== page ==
Malayalam Poetry : Kalathara Gopan’s Poems



Malayalam Poetry in Translation Series – 27

Translated by Aditya Shankar

More than any other genre in Malayalam literature, poetry has articulated the profound contradictions of the Malayalee psyche, its moral trepidations and its desire for liberation from the oppressive ideologies of discrimination like those of  class, caste and gender. Poetry has insistently refused to be a mere entertainer or a leisure-pastime, involving itself seriously in social struggles and sharing the agonies and aspirations of individuals of all social layers and persuasions. This is also the reason for its unique vibrancy and popularity that we seldom find in most other languages of India. 

(Extract from the article ‘Malayalam Poetry Today’ by K.Satchidanandan)


Tree is a Poem

Tree is the earth’s best poem,
written on soil with humility.
It journeys through birds,
stoops bearing the weight of fruits.
It is in a tiff with the night,
in an argument with the storm,
in a chatter with the breeze.
It is the one
that wipes its head in moonlight,
wears the moon for bindi.
When the tree turns
gorgeous in the morning dew,
birds unfurl and read them.
The ripe words wither away.
On its lips,
a day awakens with chatter.
Each poem snakes
towards the sun, grows.
It fills the shade
with word-leaves, renews.
Shrouded by that chill
a faraway hill emerges,
followed by a tree
that sheds leaves
to form a canopy of flowers.

(Translation of Maram Oru Kavitha, Page 48, Chirakil Olippicha Pena, Zed Library)


Isn’t a Shadow the Blue of the Sky?

The real me
is a shadow of myself.

The shadow
breastfed by mother,
taught by teacher,
raised by father.

Your young shadow
falls in love
with my young shadow.

Isn’t it
the same shadow
that sits in the shadow of a bike,
that merges into one shadow at noon?

We made night lights
for the shadow.
Isn’t the shadow that made light
the one perched on the river bank,
the one mirroring on the river?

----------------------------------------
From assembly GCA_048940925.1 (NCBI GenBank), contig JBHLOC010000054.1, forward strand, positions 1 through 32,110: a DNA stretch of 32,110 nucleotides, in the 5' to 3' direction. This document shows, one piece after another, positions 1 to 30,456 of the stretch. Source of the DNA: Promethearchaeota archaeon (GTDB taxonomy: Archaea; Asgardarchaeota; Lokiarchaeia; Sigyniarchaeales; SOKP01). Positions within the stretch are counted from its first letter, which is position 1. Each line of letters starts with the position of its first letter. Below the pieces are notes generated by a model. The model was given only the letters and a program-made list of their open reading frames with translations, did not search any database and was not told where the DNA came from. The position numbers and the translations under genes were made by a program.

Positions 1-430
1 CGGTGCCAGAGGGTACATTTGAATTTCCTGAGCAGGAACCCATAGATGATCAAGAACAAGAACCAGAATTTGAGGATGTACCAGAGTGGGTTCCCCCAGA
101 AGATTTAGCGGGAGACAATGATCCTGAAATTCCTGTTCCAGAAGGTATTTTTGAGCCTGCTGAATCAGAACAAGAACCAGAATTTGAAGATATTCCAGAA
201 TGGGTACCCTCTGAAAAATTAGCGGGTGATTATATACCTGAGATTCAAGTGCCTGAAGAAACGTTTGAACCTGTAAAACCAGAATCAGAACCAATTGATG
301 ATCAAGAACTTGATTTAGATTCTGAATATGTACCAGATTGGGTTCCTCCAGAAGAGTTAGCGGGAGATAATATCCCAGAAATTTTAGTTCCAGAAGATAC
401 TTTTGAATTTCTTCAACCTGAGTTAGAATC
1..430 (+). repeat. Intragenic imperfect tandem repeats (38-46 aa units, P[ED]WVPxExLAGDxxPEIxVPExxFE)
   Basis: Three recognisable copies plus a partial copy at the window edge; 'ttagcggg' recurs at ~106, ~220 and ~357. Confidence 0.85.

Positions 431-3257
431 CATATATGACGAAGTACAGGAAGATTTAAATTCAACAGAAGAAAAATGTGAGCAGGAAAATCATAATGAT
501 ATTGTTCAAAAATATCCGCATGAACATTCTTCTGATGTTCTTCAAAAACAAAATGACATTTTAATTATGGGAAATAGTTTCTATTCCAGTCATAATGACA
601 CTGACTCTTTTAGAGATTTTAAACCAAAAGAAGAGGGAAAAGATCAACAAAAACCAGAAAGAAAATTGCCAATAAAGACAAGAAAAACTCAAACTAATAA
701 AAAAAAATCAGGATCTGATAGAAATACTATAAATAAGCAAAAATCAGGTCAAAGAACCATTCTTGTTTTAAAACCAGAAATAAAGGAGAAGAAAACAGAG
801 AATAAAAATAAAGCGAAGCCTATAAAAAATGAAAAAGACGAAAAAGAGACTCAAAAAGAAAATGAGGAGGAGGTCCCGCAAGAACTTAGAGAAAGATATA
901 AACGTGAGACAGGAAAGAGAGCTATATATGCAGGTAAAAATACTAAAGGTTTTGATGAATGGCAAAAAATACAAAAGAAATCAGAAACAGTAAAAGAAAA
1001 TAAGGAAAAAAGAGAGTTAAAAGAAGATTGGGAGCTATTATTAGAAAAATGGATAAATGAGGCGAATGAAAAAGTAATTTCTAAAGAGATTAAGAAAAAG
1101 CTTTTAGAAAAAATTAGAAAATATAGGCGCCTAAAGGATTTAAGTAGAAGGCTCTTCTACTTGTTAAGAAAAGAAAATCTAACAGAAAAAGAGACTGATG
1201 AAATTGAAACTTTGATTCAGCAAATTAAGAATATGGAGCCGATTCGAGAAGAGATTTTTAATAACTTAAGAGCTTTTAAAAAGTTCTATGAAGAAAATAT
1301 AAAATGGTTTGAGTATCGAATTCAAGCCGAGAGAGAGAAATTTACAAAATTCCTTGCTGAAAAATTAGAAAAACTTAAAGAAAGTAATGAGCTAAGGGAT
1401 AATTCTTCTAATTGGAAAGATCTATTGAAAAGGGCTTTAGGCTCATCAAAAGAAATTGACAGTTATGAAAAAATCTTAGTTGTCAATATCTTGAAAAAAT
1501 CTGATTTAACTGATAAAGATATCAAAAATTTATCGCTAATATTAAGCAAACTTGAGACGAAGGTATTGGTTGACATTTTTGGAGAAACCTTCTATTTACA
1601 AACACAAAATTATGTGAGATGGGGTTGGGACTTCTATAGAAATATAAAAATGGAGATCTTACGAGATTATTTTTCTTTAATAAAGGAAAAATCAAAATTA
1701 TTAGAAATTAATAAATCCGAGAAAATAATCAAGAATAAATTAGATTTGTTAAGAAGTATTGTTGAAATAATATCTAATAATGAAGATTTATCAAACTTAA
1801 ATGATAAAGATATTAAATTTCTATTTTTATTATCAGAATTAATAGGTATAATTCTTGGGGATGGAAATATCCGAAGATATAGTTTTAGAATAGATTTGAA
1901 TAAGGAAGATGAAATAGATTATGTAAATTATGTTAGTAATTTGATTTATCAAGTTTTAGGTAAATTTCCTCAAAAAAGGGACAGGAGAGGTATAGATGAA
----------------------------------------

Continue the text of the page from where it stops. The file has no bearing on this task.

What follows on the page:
Doesn’t the shadow of a fish
rustle that shadow in its leap?

When it showers
from the shadow of a rain,
when the shadow of a tree dances,
the shadow of a drop
is the shadow of a thirsty bird
leaning towards it.

The shadow of flying clouds
is the shade of its shadow.
Isn’t the shadow of flying crows
the journey of shadows
in which earth grazes the sky?
Isn’t the shadow of sky
what falls upon all forms of water?
Isn’t that why the water is blue?
Isn’t that blue the shadow?

If it is stated
that the moon rises
only to cast its shadow,
we would place our fingers
on our nose in shock.
If we state that those fingers and nose
are also a shadow,
no one will believe.
If we also add that belief is a shadow,
not at all!

(Translation of Aakashathinte Neelayalle Nizhal, Ezhuthu Magazine)

The Dead Live in the Present for a Few Moments

When one among
three hundred million sperms
is drawn near by an egg,
it must be the earliest time.
It is past
till you breathe and feed
along with a mother,
till you form organ by organ,
till you struggle and emerge
from the dark waters.

When you hurriedly exit
through the vagina,
cry and wake to see the
first rays of dawn,
the present begins
as if the shadow of a child.
At all stages of growth,
in joy and grief,
present is present.

As memories can be mobile,
they too form the present.
Future, a thought about breath.
The present continues
as long as the wind withdraws
the air loaned to our body.
When fire or soil
accepts a droplet from your body,
future begins.
When someone remembers him,
memories gain mobility
and he lives in the present
for a few moments.

(Translation of Marichchavar Varthamanakaalathil Kurachumaathra Jeevikkunnu, Page 46, Parannu Ninn Meen Pidikkunnava, Reader’s Cafe)


About the Author

Born in 1972 at Kalathara, Thiruvananthapuram, Kerala, Kalathara Gopan started writing poems in the nineties. He has three poetry collections to his credit – Athu ningalanu, Chirakilolippicha Pena and Parannu Ninnu Meen Pidikkunnava. Some of his poems are already translated into English.

About the Translator

Aditya Shankar is a Pushcart Prize and Best of the Net nominated poet, flash fiction author, and translator. He edited Tiny Judges Shall Arrive (AHRC, Hong Kong), a selection of  KG Sankara Pillai’s poems translated into English. His translations have appeared in the SAARC anthology of poetry, Muse & Murmur, Modern Poetry in Translation, Ethics in Action and elsewhere. His poems have been translated into Malayalam and Arabic and published from 20 or more nations. His poetry collections include After Seeing (2006), Party Poopers (2014), and XXL (Dhauli Books, 2018). His short films have participated in International Film Festivals.  He lives in Bangalore, India . (